BC's Vineyards: A History of Beauty (February 1, 2013)
As an Ontarian, it grieves me to admit it but British Columbia has the most beautiful winescape in Canada. The hills and mountains that enclose the Okanagan and Similkameen valleys offer vistas of incredible beauty, none more spectacular than the Naramata Bench, with vineyards that seem to float above the blue waters of the lake like a green eiderdown. The Fraser Valley reminds me of Western Australia, with its farms and trees, while Vancouver Island, its remarkable vineyards tucked into forest clearings, is a delight to discover.
Ontario is a horizontal region in that its vineyards run east to west pretty much along the 43° latitude; BC is a vertical region where the vineyards run north to south, from Salmon Arm to the Washington State border. The most southerly reaches from Oliver to Osoyoos are part of Canada's only desert, where the presence of rattlesnakes is just one of the challenges that winegrowers face.
I wonder if Father Charles Pandosy saw a wine future for this land of forests and mountains in 1859, when he created the first non-native settlement on the banks of L'Anse au Sable (Mission Creek). Today it bears the postal address of 3685 Benvoulin Drive, Kelowna. Sometime in the early 1860s Pandosy planted a vineyard to supply his Oblate mission and the settlement with wine and, in the process, he became the father of the BC wine industry.
More than any other institution, the Catholic Church is responsible for today's flourishing wine industry around the world – and indeed every other alcoholic beverage from beer to brandy and liqueurs. The monks of Europe kept the vineyards alive during the Dark Ages, and their missionaries carried vine cuttings along with their Bibles when they established religious settlements in the New World. Wine was needed to celebrate mass, and, wherever priests set down roots, they planted vines. British Columbia was no exception.
But the farmers who followed the example of Father Pandosy were more interested in fruit crops such as apples, peaches, and apricots than in grapes. Although there were experimental plantings as early as 1905, the first commercial vineyard in the province was planted by W.J. Wilcox only in 1920, some 88 kilometres north of Kelowna at Salmon Arm – not the most promising place to start, as it is the most northerly limit of wine growing in the province. This small plot yielded such grape varieties as Concord, Niagara, Delaware, and Agawam, for eating rather than fermenting. Six years later a grower named Jim Creighton planted a small vineyard in Penticton, an area that would ultimately prove to be one of the best sites for grape growing along the shores of Lake Okanagan.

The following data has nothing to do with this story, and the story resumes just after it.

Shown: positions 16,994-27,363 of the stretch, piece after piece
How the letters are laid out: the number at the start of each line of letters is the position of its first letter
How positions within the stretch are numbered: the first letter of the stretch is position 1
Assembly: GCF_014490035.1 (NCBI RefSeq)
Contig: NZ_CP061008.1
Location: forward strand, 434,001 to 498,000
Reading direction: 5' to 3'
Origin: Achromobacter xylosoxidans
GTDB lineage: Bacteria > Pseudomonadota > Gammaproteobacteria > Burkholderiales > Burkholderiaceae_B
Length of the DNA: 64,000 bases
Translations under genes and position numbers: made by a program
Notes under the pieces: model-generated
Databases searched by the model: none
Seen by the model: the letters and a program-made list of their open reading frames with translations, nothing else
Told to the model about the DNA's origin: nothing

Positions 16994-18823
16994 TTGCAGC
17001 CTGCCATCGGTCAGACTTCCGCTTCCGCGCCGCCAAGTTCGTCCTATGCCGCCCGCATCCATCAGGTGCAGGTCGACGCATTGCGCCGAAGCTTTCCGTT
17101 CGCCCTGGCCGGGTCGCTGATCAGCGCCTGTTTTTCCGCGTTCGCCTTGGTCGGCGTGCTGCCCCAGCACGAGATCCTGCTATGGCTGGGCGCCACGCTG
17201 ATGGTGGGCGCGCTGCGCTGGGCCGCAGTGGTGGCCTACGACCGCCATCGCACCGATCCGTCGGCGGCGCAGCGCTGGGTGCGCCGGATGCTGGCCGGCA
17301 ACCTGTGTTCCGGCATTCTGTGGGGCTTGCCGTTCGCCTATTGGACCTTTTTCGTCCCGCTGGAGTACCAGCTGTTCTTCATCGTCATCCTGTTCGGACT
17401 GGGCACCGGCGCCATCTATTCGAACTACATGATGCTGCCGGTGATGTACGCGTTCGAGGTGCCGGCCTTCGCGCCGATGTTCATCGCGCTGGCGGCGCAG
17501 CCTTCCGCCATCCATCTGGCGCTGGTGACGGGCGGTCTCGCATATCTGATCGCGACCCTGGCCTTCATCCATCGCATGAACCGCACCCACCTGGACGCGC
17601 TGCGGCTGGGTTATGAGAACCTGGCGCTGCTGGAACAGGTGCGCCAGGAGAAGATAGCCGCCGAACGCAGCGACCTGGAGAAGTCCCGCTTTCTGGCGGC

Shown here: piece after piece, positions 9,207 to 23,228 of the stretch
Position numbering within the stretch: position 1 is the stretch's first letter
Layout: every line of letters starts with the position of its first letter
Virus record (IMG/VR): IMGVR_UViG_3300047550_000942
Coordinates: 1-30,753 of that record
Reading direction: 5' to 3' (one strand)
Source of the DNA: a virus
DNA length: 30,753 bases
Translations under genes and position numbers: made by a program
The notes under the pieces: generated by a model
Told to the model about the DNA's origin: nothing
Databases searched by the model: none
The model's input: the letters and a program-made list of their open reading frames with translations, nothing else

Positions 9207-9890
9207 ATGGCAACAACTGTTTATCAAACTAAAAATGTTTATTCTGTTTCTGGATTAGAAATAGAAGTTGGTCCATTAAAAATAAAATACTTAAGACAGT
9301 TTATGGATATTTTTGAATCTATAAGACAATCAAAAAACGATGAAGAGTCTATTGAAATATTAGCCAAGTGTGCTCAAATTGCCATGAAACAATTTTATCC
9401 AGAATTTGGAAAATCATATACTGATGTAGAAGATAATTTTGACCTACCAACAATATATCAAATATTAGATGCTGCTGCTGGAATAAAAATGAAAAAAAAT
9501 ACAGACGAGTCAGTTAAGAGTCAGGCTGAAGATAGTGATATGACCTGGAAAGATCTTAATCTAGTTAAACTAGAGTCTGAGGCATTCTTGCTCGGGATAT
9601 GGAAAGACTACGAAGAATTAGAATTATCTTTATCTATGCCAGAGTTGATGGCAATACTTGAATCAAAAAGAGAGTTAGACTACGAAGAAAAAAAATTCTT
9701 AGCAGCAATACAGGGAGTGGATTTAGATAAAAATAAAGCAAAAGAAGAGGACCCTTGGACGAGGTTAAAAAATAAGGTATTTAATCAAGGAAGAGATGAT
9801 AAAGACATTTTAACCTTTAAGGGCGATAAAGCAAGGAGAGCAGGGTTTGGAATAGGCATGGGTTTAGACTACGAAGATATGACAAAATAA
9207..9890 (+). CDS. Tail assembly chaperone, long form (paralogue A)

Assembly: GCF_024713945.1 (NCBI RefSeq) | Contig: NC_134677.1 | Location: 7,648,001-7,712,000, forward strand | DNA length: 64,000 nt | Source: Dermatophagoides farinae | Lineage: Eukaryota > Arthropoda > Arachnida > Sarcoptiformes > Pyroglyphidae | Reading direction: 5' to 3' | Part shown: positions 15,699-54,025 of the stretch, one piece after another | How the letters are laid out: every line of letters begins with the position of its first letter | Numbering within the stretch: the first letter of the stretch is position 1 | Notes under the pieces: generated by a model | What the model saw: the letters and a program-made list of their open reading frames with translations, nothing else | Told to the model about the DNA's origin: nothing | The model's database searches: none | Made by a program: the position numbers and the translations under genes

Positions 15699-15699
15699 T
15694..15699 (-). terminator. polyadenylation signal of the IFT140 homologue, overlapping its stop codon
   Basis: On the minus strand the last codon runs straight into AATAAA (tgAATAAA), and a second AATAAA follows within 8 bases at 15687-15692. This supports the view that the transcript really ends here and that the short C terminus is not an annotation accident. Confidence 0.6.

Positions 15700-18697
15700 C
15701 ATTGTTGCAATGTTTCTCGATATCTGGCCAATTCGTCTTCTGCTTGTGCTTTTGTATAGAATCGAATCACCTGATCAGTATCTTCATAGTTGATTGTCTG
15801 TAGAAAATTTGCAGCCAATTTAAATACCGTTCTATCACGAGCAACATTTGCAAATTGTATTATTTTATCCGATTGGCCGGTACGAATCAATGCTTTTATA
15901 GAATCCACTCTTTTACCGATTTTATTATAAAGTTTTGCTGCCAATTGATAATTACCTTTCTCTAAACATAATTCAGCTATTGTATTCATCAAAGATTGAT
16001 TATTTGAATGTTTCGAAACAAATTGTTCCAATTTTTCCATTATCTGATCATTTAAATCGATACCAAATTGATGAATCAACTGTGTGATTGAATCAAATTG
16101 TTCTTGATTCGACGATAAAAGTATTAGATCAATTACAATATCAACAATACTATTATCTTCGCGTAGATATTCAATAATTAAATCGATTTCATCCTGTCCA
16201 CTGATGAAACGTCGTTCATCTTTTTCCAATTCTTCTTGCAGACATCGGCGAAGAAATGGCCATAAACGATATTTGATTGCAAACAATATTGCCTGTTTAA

The first wines in British Columbia were not made from grapes but from loganberries that flourished on the Saanich Peninsula of Vancouver Island. These beverages, made by the Growers' Wine Company, bore names such as Slinger's Logan and Logana. Only a few intrepid souls turned their attentions to wine grapes. Charles Casorso of Kelowna (the grandfather of winemaker Ann Sperling) was a pioneer winegrower who planted a vineyard on a 35-acre property at Rutland, near Kelowna, in 1925. The following year a farmer by the name of Jesse Willard Hughes, encouraged by Hungarian oenologist Dr. Eugene Rittich, bought a 45-acre vineyard in Kelowna, near the Pandosy mission, and planted vines that had been locally propagated. Hughes also purchased a 20-acre site east of Kelowna on Black Mountain. The larger vineyard in Kelowna prospered to such an extent that, four years later, wines made from these grapes were vinified at the Growers' Wine Company in Victoria. Encouraged by his success, Hughes expanded
his Kelowna vineyard to 300 acres; however, the experiment at Black Mountain proved a disaster when the vines were wiped out by winter kill (frost).
But winegrowers are made from hardier stock, and in spite of initial setbacks they learned how to keep vines alive over the winter months and where to plant certain varieties for the best results. Today, at the time of writing, there are 237 grape, fruit and honey wineries in British Columbia in five designated viticultural areas – Fraser Valley, Okanagan Valley, Similkameen Valley, Vancouver Island and Gulf Islands, and Shuswap and Northern B.C. The critical mass of wineries is located along the 135 kilometre length of Lake Okanagan, a region that accounts for roughly two thirds of the wineries in the province. I say "at the time of writing" because there are more wineries to come. Everyone, it seems, wants to get into the wine business in BC.
If Father Pandosy could look down and see his vision fulfilled, he might well raise a glass of ambrosia to the ever-growing roster of winery owners of British Columbia who have proclaimed the town of Oliver the "Wine Capital of Canada."